Plastics Business

Strategies for Today’s Plastics Processors

Published by:

Peterson Publications, Inc. 2150 SW Westport Dr., Suite 101 Topeka, KS 66614 phone 785.271.5801 www.plasticsbusinessmag.com Editor in Chief Jeff Peterson

Advertising/Sales Janet Dunnichay

Managing Editor Dianna Brodine

Contributing Editors Nancy Cates Brittany Willes Lara Copeland

Art Director Becky Arensdorf Graphic Designer Kelly Adams

Circulation Manager Brenda Schell


Plastics Business

Strategies for Today’s Plastics Processors

Contents Summer 2016

profile

8

maintenance

conference

38

14

features profile Viking Plastics: Lifting the Ceiling on Employee Influence.....................8 outlook Now What? Does Brexit Mean What We Thought It Would?................... 16 operations Compounding the Purge: Getting the Most out of Color and Resin Changeovers................................................. 22 solutions Opportunities for Energy Efficiency in the Plastics Molding Facility.... 26 strategies Don’t Forget About State Income Tax Incentives................................... 32 industry OSHA Update: Penalties and Drug Testing........................................... 34 maintenance Minimizing Dust and Fines in Granulation and Conveying................... 38 view from 30 Collaboration Strategies for Tool Launches.......................................... 44 A Multi-Tiered RFQ Process................................................................. 46 management Is Your Company the Next Blockbuster?............................................... 48

departments director’s letter................... 4 association.........................18 news..................................36 advertisers.........................58

MAPP Benchmarking & Best Practices Conference......... 14

Cover photo courtesy of Conair Group.

plasticsbusinessmag.com

training room 4 Variables, 7 Questions: How to Determine What Changed in Your Process.......................................................... 52 booklist Creating the Customer Experience..................................................... 56

www.plasticsbusinessmag.com | 5


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profile

Viking Plastics received the 2015 Supplier Quality Excellence Award from General Motors. Photos courtesy of Viking Plastics.

8 | plastics business • summer 2016


Viking Plastics: Lifting the Ceiling on Employee Influence by Dianna Brodine, managing editor, Plastics Business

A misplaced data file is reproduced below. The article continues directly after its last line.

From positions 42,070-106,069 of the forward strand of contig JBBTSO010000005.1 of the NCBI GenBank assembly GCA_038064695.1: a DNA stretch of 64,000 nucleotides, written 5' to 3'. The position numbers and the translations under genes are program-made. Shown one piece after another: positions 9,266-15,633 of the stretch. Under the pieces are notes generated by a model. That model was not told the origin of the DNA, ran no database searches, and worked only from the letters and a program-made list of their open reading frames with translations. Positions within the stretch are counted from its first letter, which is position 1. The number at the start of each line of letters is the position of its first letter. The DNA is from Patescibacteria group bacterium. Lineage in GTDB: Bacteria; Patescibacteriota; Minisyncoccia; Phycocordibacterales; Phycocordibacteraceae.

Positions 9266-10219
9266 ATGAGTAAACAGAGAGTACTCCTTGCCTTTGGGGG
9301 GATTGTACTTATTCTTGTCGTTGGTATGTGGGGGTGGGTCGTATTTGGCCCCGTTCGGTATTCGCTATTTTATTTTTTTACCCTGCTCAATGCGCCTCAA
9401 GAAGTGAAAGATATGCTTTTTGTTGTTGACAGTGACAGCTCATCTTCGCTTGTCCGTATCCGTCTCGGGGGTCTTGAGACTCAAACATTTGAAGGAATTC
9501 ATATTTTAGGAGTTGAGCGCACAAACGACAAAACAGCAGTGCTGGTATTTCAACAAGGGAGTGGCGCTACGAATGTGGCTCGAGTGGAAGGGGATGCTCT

In the last five years, Viking Plastics has undergone a radical shift, one employee at a time. It started at the top, with President and CEO Kelly Goodsel moving his office out of the main production building and empowering a strong management team to lead the company. It continued with daily meetings where all employees were asked to share their thoughts on making the company better. It expanded when Viking Academy was born, sharing financial and strategic planning information with those who committed to a series of classes. US sales have doubled in the same time period. Employment is up 50 percent. And, Goodsel knows it’s not a coincidence. Daily drumbeats shift the thought process Established in Corry, Pennsylvania, in 1972, Viking Plastics produces injection molded sealing solutions and custom products primarily for the automotive and HVAC markets. Volumes range from 200 pieces to several million, and 121 employees are on staff. Viking Plastics is located in the center of a heavy steel and plastics manufacturing region. Its customer mix is 80 percent automotive, but the Great Recession didn’t hit the company as hard as it could have, mostly because of the plant’s custom products line. Still, Goodsel wanted the company to achieve more, and a conference keynote speaker provided what Goodsel called “a cornerstone piece” to transformation. “I heard Paul Akers talking about ‘2 Second Lean’ at a Manufacturers Association of Plastics Processors (MAPP)

conference,” said Goodsel. Revolving around recognizing and eliminating eight forms of waste, “2 Second Lean” gives employees the tools to recognize opportunities for improvement and implement solutions immediately. However, empowerment can’t occur without education. “We started with teaching the eight forms of waste to our employees, because knowing and seeing the forms of waste is the first of three pillars in our ‘2 Second Lean’ process,” he explained. “The second pillar asks employees to fix what bugs them, and the third asks them to share what they fixed.” Goodsel pointed out that every company has a machine maintenance program or a capital investment plan, but most companies don’t have an employee maintenance program. “Every company says their employees are their best asset,” he continued, “but few put thought into how to ensure that’s really true. Here was a way to educate our employees and ask them to make our company better.” “As a management team, our goal was to have an engaged workforce,” said Rob Elchynski, operations manager. “We read Paul Akers’ book, and we liked the simplistic approach to what he was doing, although I think there were questions about how exactly it would work.” Viking Plastics began to hold daily drumbeat meetings for each shift, laying the foundation for employees to become educated not only about the business in which they worked, but also the page 10 u